CoSign: Geronimo!

When I ask Chicago-based trio Geronimo! if the exclamation mark is entirely necessary, guitarist and vocalist Kelly Johnson responds, “I don’t think we ever regret using the exclamation point. I know I personally think it adds some pizzazz. There are a few other Geronimos out there, but we’re the only one that you read as a scream.” It fits the band’s articulated noise, which often includes Johnson or keyboardist and vocalist Ben Grigg yelling or (at the very least) rocking the expletive out. On slowly explosive “Battery Acid Moustache”, Grigg screams, “My baby’s got a fever!” against thickly electric call-and-response guitars that push and pull like the end of a relationship.

In fact, Geronimo!’s debut LP, Fuzzy Dreams, was recorded amidst the throes of ending relationships. Extracting himself from a painful breakup, Johnson brought his two childhood friends and band mates (including drummer Matt Schwerin) back to their hometown of Rockford, IL to record the album in Grigg’s divorced parents’ empty house. They set up their respective amps in different rooms and played their instruments in the same room together, resulting in each song’s organic climax and denouement as the band members riff off each other. Most of Geronimo!’s songs begin that way. As Johnson says, “I write a lot of parts on guitar, but most of the time everything changes once we start playing in practice. We sort of structure it on the fly.” You can hear it in tracks like “Table Legs”, which moves seamlessly from vitriolic hair-band shredding to Jim Morrison-esque murmuring to billowing synth pads and even trumpets. And that’s how almost every Geronimo! song, which average about seven or eight minutes in length, plays out.

The band has been compared to Fugazi, Dinosaur Jr., and Pavement, with leanings toward Explosions in the Sky. Of all the bands Geronimo! sounds like, Johnson says The Doors comparison is “a bit of a stretch.” But the distant, echoing vocals against a trance-like whisper of a melody on “Fill Me Up” beg to differ. The resemblance on that track in particular, and on Fuzzy Dreams’ quiet moments, is uncanny. Slightly psychedelic “Judgment Day” ends the album with organs and epic wa-wa horns while Johnson sings, “Judgment Day/And the fiery lakes/Are miles away/With you right by my side.” It’s a cutting double entendre for a breakup, suggesting either reconciliation or retribution depending on your perspective. And that, according to Johnson, is what their music is all about: “People hear what they hear based on their subjective palette, and that’s fine. I don’t care what we remind people of. I know what we sound like.”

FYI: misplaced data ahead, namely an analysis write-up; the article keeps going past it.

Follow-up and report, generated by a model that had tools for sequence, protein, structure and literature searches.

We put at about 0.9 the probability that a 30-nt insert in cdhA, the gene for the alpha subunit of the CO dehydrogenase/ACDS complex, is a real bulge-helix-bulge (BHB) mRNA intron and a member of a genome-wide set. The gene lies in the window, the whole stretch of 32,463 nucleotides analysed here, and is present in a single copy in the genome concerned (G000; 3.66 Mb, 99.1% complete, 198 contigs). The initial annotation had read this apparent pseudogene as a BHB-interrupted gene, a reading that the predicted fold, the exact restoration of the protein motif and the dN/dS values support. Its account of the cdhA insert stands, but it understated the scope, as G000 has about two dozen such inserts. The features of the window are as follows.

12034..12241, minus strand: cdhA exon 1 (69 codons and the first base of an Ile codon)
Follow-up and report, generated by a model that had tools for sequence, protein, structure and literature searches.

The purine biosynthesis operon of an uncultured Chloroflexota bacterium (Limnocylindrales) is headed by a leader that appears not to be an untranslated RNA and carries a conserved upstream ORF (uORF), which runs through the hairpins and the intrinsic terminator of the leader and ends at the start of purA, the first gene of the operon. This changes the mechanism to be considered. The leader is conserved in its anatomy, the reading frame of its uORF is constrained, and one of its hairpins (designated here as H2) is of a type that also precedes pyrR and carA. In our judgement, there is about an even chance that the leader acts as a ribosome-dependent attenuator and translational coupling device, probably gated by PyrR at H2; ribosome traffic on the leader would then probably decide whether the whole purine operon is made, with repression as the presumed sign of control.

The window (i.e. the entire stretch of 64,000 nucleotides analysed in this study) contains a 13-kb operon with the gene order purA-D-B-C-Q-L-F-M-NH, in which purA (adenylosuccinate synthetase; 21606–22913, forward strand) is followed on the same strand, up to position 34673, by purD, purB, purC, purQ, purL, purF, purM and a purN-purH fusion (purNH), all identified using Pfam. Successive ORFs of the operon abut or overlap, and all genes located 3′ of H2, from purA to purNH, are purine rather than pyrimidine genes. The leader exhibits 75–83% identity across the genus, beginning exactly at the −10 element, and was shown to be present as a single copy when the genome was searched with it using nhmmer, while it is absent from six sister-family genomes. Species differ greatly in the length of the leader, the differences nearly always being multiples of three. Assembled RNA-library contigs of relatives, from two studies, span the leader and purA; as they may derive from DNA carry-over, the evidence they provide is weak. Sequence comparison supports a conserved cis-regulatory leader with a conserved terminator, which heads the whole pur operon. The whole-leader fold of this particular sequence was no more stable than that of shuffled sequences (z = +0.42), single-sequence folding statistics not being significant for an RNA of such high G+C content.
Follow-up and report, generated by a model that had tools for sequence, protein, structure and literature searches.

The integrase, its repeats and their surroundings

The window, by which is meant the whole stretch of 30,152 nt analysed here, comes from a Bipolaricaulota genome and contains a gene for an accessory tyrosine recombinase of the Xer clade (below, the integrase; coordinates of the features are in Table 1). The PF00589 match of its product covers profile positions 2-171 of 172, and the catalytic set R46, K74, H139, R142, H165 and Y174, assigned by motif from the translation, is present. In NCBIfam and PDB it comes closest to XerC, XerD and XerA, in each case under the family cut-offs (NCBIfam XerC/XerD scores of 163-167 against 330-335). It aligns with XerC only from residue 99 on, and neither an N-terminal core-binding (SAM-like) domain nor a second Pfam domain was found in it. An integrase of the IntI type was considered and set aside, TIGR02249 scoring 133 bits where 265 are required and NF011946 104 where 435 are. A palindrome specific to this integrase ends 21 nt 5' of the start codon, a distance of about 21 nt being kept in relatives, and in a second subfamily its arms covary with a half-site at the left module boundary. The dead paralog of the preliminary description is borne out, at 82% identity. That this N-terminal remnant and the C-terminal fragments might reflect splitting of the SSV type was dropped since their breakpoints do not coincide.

Their distinctive, uncompromising sound caught the attention of Max Becker, a friend of the band and creator of Minneapolis blog Northern Outpost. He directed a music video for “Design Yourself a Heart”, the first single off Fuzzy Dreams. Fat, thrashing guitars wailing against a quickening drumbeat reminded the videographer of running water. So, in the video, the band members drip water as they run down alleys, ooze water while crawling along some tarmac, and creepily spit up water as though it were air. “It’s an abstract concept of drowning on dry land, whether that’s self-imposed or external is up to other people to decide,” Johnson explains.

The band just finished recording a second full-length. Tentative song titles (which sound more like Flight of the Conchords than the tracks on Fuzzy Dreams) include “You’ve Got a Dad in Rockford”, “The Wizard Is Rising”, “Me Likey”, “Why Did You Leave Me?”, and “Clown Feelings”. In the meantime, they’re releasing a series of four-track cassettes collectively named Buzz Yr Girlfriend. Geronimo! will be handing them out for free every three-to-six months during their live shows, with the added bonus of side B being whatever the tape was before Geronimo! taped over it. Some might get Johannes Brahms, for example. Be sure to catch one of their shows, and a free cassette, when they hit the road in October.

Listen: Geronimo! – Fuzzy Dreams
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